Recent research suggests that treatment of cystic fibrosis (CF) by means of improved gene therapy might one day be possible, having shown promising results in a mouse model and cultured cells from human CF patients. The paper, entitled “rAAV-CFTRΔR Rescues the Cystic Fibrosis Phenotype in Human Intestinal Organoids and CF Mice,” was published in American Journal of Respiratory and Critical Care Medicine.
CF, a disease that affects tissues of organs such as the lungs and digestive system, is caused by a mutation in the gene named cystic fibrosis transmembrane conductance regulator (CFTR). This mutation affects the function of chloride ion channel in cells, so that mucus builds up and can lead to frequent bacterial and fungal infections. The disease has no known cure, but its symptoms can be relieved by means of various medications.
A few avenues have already been explored to repair dysfunctional chloride channels: 1) novel drug therapies, where effectiveness of the medicine was observed for only minority of CF patients, and 2) gene therapy, where previous studies demonstrated the treatment’s safety but showed little effect in CF patients.
As gene therapy has substantially progressed in recent years and proven successful in treating other conditions, the researchers in this study re-investigated the possibility of using an improved gene therapy as a means to cure CF.
Experimentally, a harmless virus called “AAV” was utilized to efficiently transport the genome of a healthy copy of the CFTR gene inside CF cells in a mice model and gut cultured cells from CF patients. The results suggest that the method worked.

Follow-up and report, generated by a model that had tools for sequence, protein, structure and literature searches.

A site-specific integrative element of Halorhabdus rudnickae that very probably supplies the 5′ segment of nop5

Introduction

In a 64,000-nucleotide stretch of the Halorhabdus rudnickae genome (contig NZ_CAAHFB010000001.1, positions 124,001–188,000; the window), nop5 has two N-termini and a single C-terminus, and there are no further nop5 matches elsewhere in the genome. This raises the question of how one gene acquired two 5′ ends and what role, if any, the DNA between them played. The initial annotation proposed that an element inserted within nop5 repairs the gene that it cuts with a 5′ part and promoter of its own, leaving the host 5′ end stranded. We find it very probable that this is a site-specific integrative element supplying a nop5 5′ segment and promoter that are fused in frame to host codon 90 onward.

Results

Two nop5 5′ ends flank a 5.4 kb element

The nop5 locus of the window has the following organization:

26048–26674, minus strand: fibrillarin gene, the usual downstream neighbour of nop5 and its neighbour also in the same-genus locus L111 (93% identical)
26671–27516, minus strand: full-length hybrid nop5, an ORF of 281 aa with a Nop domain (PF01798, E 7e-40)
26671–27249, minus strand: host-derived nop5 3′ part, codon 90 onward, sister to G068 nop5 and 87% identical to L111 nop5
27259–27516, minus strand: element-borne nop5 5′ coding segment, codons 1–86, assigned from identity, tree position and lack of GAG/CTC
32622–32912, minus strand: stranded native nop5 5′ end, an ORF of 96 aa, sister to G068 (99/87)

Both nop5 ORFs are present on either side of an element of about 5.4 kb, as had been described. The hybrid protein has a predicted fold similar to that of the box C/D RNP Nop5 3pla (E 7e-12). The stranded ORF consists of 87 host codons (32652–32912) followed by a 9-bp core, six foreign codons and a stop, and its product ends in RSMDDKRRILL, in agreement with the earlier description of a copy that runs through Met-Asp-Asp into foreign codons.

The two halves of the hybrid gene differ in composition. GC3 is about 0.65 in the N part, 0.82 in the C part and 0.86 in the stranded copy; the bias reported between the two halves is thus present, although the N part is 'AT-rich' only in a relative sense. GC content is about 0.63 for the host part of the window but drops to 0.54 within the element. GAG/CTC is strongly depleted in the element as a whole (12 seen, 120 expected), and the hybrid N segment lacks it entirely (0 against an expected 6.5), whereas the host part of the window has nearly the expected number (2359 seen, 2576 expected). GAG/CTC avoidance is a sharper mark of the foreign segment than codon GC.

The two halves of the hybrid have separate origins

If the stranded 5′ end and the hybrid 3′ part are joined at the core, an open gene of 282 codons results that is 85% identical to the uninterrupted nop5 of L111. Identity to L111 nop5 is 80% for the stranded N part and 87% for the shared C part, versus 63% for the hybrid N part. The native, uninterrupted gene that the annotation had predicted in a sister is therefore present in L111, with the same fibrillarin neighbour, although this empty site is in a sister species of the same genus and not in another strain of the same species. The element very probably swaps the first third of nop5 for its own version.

“We administered the rAAV to the mice via their airways. Most of the CF mice recovered. In the patient-derived cell cultures, chloride and fluid transport were restored,” Professor Zeger Debyser, corresponding author of the study, said in a press release.
Overall, this approach based on improved gene therapy yielded positive results in both the mice and the in vitro cells. However, the researchers estimate that there is still a long way to go before gene therapy can be considered as treatment for CF patients.
“We must not give CF patients false hope. Developing a treatment based on gene therapy will take years of work. For one thing, our study did not involve actual human beings, only mice and patient-derived cell cultures. Furthermore, we still have to examine how long the therapy works. Repeated doses might be necessary. But gene therapy clearly is a promising candidate for further research towards a cure for cystic fibrosis,” Professor Debyser concluded.
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